April 25, 2002
volume 13, no. 74

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The Sacrament of Healing

Part Three:
Perfect and Imperfect Contrition

    The following is taken from the excellent work My Catholic Faith by Bishop Louis LaRavoire Morrow in 1949 and is one of the most succinct, simple and concise explanations of the doctrines and practices of Roman Catholicism that both Catholic and non-Catholic can easily understand without any ambiguity or relativism. Pure, unadulterated facts and absolutes. Bolded sections and blue type within brackets are by editor for added emphasis.
    Perfect contrition implies a fervent love of God. We are sorry for our sins because they offend God Who is so good. Mary Magdalen had perfect contrition. Her contrition was so perfect that she never sinned again. She followed Our Lord and was at the foot of the cross when He was crucified. Her perfect contrition and love were greatly rewarded, for He appeared to her on Easter morning. We should all try to imitate Mary Magdalene's contrition, arising from sorrow at offending God.

Perfect Contrition

    Our contrition is perfect when we are sorry for our sins because sin offends God, Whom we love above all things for His own sake.

    "Wherefore I say to thee, her sins, many as they are, shall be forgiven her, because she has loved much. But he to whom little is forgiven, loves little.' And he said to her, 'Thy sins are forgiven.' And they who were at table with hi began to say within themselves, 'Who is this man, who even forgives sins?" But he said to the woman, 'Thy faith has saved thee; go in peace' " (Luke 7: 47-50).

    1. This contrition arises from a pure and perfect love of God. If we have a perfect love of God, our contrition for sins will be perfect. It ought not to be difficult for us to have a perfect love of God. We generally love our parents not for the food and clothes they give us, but for themselves, because we see their self-sacrifice, their unselfishness, and other good qualities.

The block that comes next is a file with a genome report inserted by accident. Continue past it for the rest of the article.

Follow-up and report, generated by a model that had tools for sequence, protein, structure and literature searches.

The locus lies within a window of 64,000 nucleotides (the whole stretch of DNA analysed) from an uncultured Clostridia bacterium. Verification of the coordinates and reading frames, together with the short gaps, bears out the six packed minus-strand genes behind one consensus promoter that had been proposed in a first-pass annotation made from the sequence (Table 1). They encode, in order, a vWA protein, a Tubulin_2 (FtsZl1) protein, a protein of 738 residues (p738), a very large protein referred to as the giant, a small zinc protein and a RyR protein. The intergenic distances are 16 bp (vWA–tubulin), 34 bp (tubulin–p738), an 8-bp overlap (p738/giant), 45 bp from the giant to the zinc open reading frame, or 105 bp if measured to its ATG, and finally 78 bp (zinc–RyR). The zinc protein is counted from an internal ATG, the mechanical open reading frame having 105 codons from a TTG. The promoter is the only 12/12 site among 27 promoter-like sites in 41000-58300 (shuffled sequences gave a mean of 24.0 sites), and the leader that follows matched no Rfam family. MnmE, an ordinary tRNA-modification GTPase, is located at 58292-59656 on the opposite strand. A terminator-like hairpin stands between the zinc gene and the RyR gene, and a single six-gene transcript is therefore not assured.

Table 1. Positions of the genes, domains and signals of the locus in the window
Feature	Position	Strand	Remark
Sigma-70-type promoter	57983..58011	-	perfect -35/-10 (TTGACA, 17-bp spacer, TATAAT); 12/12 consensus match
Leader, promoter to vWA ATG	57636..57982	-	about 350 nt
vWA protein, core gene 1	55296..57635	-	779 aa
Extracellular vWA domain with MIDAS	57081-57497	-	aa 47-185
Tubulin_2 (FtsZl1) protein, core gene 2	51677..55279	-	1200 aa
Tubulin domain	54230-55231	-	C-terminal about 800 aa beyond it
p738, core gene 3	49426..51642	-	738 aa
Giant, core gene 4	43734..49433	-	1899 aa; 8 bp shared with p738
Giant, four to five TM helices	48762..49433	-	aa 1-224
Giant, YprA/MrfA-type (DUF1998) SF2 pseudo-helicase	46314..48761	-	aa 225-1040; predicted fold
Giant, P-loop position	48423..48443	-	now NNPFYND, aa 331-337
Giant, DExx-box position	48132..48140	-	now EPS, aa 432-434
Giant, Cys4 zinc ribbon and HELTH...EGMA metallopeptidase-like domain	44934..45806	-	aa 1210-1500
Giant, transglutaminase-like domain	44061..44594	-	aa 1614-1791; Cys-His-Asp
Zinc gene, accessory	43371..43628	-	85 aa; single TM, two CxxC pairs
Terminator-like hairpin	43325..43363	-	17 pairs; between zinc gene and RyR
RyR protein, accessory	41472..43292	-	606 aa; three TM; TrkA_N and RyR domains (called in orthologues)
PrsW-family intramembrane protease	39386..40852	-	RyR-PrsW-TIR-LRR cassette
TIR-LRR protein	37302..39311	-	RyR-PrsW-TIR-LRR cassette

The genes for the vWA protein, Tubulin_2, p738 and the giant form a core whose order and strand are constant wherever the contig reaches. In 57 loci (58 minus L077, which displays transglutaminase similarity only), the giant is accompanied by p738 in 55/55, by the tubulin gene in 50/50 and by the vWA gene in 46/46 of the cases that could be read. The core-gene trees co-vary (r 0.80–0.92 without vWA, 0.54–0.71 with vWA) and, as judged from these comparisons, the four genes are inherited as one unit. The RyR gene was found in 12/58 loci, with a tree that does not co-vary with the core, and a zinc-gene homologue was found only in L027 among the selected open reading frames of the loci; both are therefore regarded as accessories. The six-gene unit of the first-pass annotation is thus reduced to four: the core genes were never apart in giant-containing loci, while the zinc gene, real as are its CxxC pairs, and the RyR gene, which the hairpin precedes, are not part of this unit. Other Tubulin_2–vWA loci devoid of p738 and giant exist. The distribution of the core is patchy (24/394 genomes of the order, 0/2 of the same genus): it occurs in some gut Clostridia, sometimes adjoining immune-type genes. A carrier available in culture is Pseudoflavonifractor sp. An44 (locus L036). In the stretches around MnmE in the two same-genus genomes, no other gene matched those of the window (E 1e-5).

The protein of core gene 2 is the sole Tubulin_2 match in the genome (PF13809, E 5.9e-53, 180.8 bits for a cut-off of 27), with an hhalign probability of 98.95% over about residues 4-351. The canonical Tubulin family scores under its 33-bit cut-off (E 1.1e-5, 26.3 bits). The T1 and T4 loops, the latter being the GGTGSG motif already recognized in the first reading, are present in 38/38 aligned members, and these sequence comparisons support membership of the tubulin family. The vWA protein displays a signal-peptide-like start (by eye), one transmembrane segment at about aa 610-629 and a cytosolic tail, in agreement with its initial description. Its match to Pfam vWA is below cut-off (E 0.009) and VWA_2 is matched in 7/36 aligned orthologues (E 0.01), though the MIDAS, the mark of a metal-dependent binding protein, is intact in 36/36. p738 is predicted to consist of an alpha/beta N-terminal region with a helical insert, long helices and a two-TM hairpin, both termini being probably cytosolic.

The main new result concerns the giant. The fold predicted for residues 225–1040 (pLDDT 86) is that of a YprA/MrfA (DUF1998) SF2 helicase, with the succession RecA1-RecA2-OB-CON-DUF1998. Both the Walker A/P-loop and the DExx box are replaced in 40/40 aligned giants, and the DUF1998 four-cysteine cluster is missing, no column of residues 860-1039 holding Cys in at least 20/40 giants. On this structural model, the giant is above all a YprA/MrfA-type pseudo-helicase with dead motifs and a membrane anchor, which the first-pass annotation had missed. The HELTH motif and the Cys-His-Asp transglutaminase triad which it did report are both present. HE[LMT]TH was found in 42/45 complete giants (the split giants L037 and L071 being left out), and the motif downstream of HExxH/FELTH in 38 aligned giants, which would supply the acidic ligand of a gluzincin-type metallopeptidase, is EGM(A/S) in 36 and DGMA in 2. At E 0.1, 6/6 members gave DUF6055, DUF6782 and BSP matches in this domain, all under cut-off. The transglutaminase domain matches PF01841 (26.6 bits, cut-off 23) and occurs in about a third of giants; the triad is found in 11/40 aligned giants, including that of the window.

Thus we shall be sorry, not only because we fear punishment or dread the loss of His gifts, but because we offend the good God, to Whom nothing is more evil than sin. If we can love our parents spontaneously, not for any reward we expect or punishment we wish to avoid, why can we not love God, Who is infinitely more lovable than our parents? If we love God spontaneously, because He is lovable in Himself, our love is perfect.

    2. It is easy to make an act of perfect contrition if we sincerely love God. We can excite ourselves to it by thinking of the Passion, of how good God is, how many favors He has granted us, and how ungrateful we have been to Him in return for His goodness.

    By thinking of God's gifts, we realize a little the goodness of God and His worthiness to be loved for His own sake. We then feel sorry for having offended our Benefactor by the sins we have committed.

    3. If we happen to be assisting at a deathbed, and no priest is available, we should help the dying person make an act of perfect contrition.

    The father of a family met with an accident and was at the point of death. The youngest child, who had recently made his first communion, saw that his father would die before the priest could arrive. He therefore took a crucifix from the wall, and holding it before his father's eyes repeated aloud an act of contrition. Tears filled the dying man's eyes. He died before the priest arrived, but his act of contrition washed his soul clean of sin.

    4. We should form the habit of making an act of perfect contrition as often as possible.

    It is only necessary to raise our hearts to God in pure love, and say some such words as: "O my God, I am sorry I ever offended Thee, because Thou art so good, and I love Thee!"

Imperfect Contrition